Referred to as aruko(an abbreviation...

  6. Time Remembered/Time Forgotten

    • Chapter 3 Researching Modernism
      (pp. 51-73)

      On 14 April 1983, the first Pameran Karya Arsitektur Indonesia (Indonesian Architectural Exhibition) was held in Taman Ismail Marzuki (TIM), Jakarta. It drew considerable interest. Art critic Jim Supangkat visited the exhibition.¹ He had been a regular attendee at TIM, which had opened in 1968, and knew that it had often been a site of tension between artists and the state. Virtually all the important Indonesian artists had performed there and some had also seen their performances banned or censored. By the 1980s, for reasons that are not entirely clear, attendances at TIM had dropped significantly. It would be wrong...

    • Chapter 4 The Peasantry and the Periurban Fringe
      (pp. 74-94)

      In 1962, as Sukarno and his architects designed modernist buildings and a boulevard for the central part of the capital city, Kenneth Watts, a town planning advisor with the United Nations Assistance Program, addressed his proposal for the greater Jakarta region to the Ministry of Public Works and Energy, which he worked for from 1956 to 1959. Watts began in the following way:

      The problems attending rapid growth in tropical cities cannot be resolved within the boundaries of the cities themselves…. For, by enhancing the attractiveness of the city to the would-be migrant, they will only accelerate the rate of...

  7. Spatial Conjunctures

    • Chapter 5 The Coast and the Last Frontier
      (pp. 97-118)

      The theme of the previous chapter was Jakarta’s expansion into the periurban fringe, which served at least three functions: to attract industry and laborers, to control the population and provide security for the capital city, and to create a new citizenry. Through the Ministry of Internal Affairs, the development zone was made available for private investors to invest and to develop into series of privately organized, and thus secured, new towns for industries and residences. Based on the principle of large public-private partnership in urban land development and management, this new space at the fringe absorbed the burden of population...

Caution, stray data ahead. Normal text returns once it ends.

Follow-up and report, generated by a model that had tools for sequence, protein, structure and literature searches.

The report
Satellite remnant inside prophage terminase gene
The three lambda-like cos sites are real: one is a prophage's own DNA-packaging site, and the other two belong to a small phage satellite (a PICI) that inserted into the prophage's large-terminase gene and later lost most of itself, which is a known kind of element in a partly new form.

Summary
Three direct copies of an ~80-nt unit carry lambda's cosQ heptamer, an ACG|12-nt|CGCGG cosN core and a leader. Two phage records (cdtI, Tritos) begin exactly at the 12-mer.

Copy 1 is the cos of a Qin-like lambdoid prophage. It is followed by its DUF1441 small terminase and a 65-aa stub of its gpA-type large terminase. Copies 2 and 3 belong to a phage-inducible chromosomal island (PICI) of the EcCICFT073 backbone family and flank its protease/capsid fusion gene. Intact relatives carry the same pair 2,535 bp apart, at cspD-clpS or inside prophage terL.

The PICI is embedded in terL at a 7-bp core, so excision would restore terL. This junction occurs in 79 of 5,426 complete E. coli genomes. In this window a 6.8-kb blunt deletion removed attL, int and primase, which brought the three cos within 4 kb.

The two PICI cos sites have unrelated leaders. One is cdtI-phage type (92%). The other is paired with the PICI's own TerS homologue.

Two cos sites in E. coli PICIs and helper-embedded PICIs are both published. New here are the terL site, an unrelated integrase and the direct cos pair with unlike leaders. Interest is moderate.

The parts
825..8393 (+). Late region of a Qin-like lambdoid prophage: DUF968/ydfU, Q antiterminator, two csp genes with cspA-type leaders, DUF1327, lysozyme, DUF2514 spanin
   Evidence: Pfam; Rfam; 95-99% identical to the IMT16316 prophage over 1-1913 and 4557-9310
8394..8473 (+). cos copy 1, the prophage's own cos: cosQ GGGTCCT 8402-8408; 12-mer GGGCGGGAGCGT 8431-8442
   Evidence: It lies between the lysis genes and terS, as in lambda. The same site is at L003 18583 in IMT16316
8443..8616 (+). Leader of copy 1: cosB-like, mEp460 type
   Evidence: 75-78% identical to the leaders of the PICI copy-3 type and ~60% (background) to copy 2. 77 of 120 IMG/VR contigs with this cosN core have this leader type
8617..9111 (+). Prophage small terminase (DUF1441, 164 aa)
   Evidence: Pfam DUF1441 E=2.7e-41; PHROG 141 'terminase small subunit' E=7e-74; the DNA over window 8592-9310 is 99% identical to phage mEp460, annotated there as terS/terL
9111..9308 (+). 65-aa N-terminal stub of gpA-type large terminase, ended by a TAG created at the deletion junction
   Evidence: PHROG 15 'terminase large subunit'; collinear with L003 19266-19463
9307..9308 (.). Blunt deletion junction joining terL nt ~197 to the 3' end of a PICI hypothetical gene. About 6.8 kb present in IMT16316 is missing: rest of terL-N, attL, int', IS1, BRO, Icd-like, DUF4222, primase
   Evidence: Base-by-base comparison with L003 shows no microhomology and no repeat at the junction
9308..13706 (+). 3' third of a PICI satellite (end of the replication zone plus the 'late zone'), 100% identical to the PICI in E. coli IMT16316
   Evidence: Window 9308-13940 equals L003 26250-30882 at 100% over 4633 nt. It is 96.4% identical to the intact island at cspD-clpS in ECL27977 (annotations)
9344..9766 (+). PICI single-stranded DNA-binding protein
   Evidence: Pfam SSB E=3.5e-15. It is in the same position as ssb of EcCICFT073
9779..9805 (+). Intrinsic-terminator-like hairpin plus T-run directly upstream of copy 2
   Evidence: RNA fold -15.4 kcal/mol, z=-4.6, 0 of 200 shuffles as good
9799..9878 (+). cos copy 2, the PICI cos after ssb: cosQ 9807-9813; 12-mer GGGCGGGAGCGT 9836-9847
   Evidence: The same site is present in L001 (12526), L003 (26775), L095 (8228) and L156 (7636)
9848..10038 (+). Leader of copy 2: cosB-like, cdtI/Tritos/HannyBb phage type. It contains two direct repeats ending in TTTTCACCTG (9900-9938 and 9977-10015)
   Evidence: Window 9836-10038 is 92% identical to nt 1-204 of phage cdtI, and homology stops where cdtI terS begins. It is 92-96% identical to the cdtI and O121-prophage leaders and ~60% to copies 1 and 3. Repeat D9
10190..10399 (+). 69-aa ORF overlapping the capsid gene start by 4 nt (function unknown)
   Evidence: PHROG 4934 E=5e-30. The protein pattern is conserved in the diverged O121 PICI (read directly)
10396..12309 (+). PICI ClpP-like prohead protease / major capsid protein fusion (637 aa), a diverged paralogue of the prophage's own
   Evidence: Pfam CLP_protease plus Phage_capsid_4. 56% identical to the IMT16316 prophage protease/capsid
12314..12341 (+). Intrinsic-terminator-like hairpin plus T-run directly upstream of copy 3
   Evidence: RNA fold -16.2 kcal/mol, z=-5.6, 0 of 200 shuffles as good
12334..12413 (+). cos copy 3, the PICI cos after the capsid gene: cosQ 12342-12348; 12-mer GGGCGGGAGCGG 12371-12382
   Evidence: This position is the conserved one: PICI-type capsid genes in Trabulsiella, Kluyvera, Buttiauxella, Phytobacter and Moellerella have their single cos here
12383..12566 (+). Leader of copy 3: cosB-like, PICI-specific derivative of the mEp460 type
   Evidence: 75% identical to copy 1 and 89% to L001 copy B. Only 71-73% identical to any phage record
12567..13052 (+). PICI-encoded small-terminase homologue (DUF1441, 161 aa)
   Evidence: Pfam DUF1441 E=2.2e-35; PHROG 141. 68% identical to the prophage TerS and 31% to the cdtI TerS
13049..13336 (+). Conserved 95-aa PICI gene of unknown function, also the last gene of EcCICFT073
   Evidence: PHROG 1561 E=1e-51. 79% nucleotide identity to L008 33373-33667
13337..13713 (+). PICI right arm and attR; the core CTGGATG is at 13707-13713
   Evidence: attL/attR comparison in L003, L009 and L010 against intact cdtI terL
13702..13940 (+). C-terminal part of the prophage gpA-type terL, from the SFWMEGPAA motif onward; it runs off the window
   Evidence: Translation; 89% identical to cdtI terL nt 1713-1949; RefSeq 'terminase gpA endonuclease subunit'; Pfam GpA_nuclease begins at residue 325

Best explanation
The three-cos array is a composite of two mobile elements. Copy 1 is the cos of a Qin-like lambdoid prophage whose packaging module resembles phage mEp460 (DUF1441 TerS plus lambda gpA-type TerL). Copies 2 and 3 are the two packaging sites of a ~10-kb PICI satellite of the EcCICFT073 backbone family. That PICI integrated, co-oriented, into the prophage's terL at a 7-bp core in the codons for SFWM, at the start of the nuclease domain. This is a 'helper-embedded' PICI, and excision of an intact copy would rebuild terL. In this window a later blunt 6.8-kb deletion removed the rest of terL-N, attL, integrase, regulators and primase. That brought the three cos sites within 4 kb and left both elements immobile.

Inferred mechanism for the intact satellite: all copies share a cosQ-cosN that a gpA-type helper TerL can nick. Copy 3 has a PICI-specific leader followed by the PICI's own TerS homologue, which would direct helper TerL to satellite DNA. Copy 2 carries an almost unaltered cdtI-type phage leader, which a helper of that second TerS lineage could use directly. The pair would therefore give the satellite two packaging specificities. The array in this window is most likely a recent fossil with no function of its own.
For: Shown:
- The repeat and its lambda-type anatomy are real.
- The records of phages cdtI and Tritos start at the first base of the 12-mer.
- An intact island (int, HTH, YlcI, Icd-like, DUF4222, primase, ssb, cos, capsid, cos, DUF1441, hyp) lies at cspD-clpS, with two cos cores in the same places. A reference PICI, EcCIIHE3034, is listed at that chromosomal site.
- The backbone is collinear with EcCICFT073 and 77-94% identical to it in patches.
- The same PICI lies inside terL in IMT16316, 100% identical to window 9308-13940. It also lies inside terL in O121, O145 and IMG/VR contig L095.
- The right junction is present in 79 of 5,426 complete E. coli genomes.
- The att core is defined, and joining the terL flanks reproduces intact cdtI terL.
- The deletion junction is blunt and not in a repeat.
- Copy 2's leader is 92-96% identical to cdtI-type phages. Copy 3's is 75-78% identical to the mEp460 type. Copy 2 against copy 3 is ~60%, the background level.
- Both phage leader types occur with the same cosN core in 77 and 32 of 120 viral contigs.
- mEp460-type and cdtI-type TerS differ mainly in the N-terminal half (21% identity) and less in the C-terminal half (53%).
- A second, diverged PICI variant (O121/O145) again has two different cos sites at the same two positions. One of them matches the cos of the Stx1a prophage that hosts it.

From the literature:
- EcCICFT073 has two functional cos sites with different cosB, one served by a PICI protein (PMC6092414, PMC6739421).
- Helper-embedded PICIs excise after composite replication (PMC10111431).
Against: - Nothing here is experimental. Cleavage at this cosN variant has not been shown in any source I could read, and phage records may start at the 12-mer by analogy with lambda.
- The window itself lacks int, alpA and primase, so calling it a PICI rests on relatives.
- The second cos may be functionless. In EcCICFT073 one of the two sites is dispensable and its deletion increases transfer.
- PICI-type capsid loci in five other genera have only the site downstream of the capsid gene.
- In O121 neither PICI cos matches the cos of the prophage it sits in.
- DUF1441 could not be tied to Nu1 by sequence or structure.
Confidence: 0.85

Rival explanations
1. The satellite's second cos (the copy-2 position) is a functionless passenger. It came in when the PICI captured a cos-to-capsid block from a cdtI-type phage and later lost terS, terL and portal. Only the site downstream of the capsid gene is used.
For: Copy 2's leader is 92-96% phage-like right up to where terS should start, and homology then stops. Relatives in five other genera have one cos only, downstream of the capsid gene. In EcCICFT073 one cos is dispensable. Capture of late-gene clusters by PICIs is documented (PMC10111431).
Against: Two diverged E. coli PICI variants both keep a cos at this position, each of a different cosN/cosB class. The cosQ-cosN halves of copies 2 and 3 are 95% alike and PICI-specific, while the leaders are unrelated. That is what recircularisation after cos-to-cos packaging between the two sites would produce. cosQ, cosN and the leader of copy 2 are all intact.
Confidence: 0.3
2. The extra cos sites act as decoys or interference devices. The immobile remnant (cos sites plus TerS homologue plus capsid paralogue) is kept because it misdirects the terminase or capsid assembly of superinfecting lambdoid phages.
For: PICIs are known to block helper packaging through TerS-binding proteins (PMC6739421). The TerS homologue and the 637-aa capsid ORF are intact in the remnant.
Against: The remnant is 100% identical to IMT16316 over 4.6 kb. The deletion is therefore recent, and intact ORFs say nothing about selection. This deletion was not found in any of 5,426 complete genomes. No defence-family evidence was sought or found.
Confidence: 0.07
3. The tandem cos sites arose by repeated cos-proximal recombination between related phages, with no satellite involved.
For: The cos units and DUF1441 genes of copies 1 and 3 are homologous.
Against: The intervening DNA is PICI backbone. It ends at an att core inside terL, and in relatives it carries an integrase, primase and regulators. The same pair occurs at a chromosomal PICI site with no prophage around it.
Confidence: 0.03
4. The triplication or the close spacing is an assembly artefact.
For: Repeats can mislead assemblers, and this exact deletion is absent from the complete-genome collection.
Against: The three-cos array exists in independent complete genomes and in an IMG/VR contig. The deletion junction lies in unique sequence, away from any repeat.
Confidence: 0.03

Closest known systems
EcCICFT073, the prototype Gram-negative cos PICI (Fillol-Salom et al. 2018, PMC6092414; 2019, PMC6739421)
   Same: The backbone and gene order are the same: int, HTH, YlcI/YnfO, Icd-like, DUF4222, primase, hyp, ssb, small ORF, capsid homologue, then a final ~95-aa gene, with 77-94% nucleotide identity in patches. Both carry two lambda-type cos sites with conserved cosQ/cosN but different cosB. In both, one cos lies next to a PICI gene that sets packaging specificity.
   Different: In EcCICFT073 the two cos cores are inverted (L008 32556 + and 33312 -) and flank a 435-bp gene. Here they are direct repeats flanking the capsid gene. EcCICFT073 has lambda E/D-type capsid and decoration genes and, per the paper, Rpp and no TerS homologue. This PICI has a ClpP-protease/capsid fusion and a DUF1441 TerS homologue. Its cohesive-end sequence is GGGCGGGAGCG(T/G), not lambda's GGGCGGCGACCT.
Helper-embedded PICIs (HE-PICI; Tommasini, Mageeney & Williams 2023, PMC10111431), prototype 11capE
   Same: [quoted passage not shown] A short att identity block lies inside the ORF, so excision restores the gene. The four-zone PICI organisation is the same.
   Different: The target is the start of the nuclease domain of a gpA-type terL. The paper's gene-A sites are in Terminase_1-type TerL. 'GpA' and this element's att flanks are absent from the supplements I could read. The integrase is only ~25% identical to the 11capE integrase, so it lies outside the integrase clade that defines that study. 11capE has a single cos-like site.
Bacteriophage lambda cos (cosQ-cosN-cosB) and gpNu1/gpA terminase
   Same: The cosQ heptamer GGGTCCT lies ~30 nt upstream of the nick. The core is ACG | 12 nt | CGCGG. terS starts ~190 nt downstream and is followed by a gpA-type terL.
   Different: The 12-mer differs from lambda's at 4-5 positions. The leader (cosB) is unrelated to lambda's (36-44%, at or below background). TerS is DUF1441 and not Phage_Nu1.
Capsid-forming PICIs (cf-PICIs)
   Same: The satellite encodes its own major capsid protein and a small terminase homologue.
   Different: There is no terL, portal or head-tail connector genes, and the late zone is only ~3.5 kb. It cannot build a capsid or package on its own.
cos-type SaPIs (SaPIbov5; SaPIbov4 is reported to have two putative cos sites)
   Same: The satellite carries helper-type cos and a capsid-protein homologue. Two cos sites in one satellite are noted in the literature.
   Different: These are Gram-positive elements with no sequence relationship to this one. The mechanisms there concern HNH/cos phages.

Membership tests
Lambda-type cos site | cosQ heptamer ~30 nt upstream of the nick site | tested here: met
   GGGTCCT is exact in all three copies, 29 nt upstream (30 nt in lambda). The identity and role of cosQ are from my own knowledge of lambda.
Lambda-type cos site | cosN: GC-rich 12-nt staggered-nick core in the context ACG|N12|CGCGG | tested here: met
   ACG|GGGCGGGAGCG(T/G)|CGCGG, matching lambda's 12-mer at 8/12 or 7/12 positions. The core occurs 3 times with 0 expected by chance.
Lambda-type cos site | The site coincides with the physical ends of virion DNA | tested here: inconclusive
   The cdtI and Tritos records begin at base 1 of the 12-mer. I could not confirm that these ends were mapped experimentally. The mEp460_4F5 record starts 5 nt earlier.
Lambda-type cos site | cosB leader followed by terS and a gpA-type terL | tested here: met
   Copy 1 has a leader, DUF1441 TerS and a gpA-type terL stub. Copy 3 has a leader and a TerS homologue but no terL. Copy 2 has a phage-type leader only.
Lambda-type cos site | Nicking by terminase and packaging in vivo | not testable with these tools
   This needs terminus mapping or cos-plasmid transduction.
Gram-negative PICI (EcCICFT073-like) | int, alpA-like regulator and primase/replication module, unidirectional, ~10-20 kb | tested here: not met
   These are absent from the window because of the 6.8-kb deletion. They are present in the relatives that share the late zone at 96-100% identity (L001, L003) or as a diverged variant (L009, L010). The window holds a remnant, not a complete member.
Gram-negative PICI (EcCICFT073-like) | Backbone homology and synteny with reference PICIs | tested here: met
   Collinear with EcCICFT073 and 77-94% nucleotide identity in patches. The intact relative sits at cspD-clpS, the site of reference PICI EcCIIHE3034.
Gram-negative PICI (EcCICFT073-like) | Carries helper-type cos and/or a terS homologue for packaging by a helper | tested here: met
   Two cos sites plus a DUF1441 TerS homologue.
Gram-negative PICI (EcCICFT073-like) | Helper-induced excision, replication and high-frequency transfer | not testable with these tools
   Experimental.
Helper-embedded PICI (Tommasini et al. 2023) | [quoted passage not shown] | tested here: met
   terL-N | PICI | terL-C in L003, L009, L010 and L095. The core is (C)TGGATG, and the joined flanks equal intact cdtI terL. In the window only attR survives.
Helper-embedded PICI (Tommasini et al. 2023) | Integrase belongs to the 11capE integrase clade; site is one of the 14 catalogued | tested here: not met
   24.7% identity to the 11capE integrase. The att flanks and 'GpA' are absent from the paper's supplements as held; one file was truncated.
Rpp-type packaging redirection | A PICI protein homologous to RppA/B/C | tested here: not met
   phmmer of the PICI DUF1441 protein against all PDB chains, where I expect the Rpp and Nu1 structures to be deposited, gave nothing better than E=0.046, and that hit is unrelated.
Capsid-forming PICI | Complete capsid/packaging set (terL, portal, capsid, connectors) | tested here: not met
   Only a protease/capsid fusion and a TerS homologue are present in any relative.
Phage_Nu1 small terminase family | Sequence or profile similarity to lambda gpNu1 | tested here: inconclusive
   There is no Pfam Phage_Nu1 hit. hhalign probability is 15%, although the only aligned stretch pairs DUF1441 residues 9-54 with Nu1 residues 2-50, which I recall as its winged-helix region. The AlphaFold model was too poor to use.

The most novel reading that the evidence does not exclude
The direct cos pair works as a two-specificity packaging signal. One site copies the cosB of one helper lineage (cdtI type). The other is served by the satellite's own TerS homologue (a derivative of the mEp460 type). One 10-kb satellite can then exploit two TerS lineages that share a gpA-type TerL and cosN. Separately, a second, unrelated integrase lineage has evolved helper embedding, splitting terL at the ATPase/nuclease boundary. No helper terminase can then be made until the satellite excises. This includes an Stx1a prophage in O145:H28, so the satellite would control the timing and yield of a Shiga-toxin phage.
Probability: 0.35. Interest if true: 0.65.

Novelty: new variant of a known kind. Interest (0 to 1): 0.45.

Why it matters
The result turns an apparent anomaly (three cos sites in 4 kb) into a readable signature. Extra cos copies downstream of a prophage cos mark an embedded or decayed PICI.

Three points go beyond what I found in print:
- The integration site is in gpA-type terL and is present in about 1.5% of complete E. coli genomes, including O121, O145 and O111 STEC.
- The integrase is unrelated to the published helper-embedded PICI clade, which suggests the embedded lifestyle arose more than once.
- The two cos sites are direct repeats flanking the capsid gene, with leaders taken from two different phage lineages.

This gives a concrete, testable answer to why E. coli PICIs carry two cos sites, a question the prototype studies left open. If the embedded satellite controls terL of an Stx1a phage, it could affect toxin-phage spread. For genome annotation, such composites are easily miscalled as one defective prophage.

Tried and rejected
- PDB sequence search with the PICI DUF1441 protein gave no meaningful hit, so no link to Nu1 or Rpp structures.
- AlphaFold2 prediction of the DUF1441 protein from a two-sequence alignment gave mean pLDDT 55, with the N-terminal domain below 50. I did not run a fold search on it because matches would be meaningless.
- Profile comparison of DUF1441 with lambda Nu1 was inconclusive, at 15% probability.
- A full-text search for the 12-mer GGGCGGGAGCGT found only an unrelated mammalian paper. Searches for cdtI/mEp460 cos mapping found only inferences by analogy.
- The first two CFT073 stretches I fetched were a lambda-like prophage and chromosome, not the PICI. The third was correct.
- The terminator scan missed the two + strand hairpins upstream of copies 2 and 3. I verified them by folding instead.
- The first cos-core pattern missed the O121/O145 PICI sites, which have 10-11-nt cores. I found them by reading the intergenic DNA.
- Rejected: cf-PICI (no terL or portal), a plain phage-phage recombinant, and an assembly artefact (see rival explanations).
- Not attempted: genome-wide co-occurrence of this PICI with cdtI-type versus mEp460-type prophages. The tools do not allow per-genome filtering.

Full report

• Chapter 6 Green Governmentality
      (pp. 119-138)

      The waterfront debate discussed in the previous chapter took place at the end of Suharto’s rule (1966–1988). It sparked controversy and it could be seen as setting in motion a “green movement” for thereformasiof the post-Suharto era. The debate has broadened the public’s awareness of the importance of preserving the city’s green assets and gives direction for urban development as well as social and ecological movements. It has also made “Go Green” a new slogan for people living in Jakarta today (figure 6.1). Perhaps more importantly, it shows how environmental and sociopolitical issues are inextricably intertwined.

      In...

    • Chapter 7 Housing the Margin
      (pp. 139-171)

      In the previous chapter, I showed how Jakarta is embracing environmentalism as if to redeem the past decades of extensive destruction of the urban ecology. Yet, the call for the reclaiming of green spaces prompts the questions of whose green spaces are being reclaimed and what civic space means in Indonesia’s capital. As many Jakartans are hoping that the creation of open and green spaces will help mitigate the city’s environmental problems, the government of Jakarta justifies many of its evictions by claiming that they are for the restoration of green space. This chapter deals with the recent attempts by...

  8. Epilogue: Turning Time: An Interview
    (pp. 172-196)
    Etienne Turpin and Abidin Kusno

    Etienne Turpin: Your work is based on a coordination of time and space that serves as a framework for your analysis of Jakarta. Could you tell us something about how you read this coordination?

    Abidin Kusno: While every aspect of our activities is largely governed by time, we are in many ways constructing time as well, for time is a social and political construct. We invest time with narrative, which gives meaning to our life. The state also invests time with a narrative that gives life to the nation. The state therefore always seeks to control time. The whole ideology...

  9. NOTES
    (pp. 197-238)
  10. BIBLIOGRAPHY
    (pp. 239-258)
  11. INDEX
    (pp. 259-268)
  12. Back Matter
    (pp. 269-273)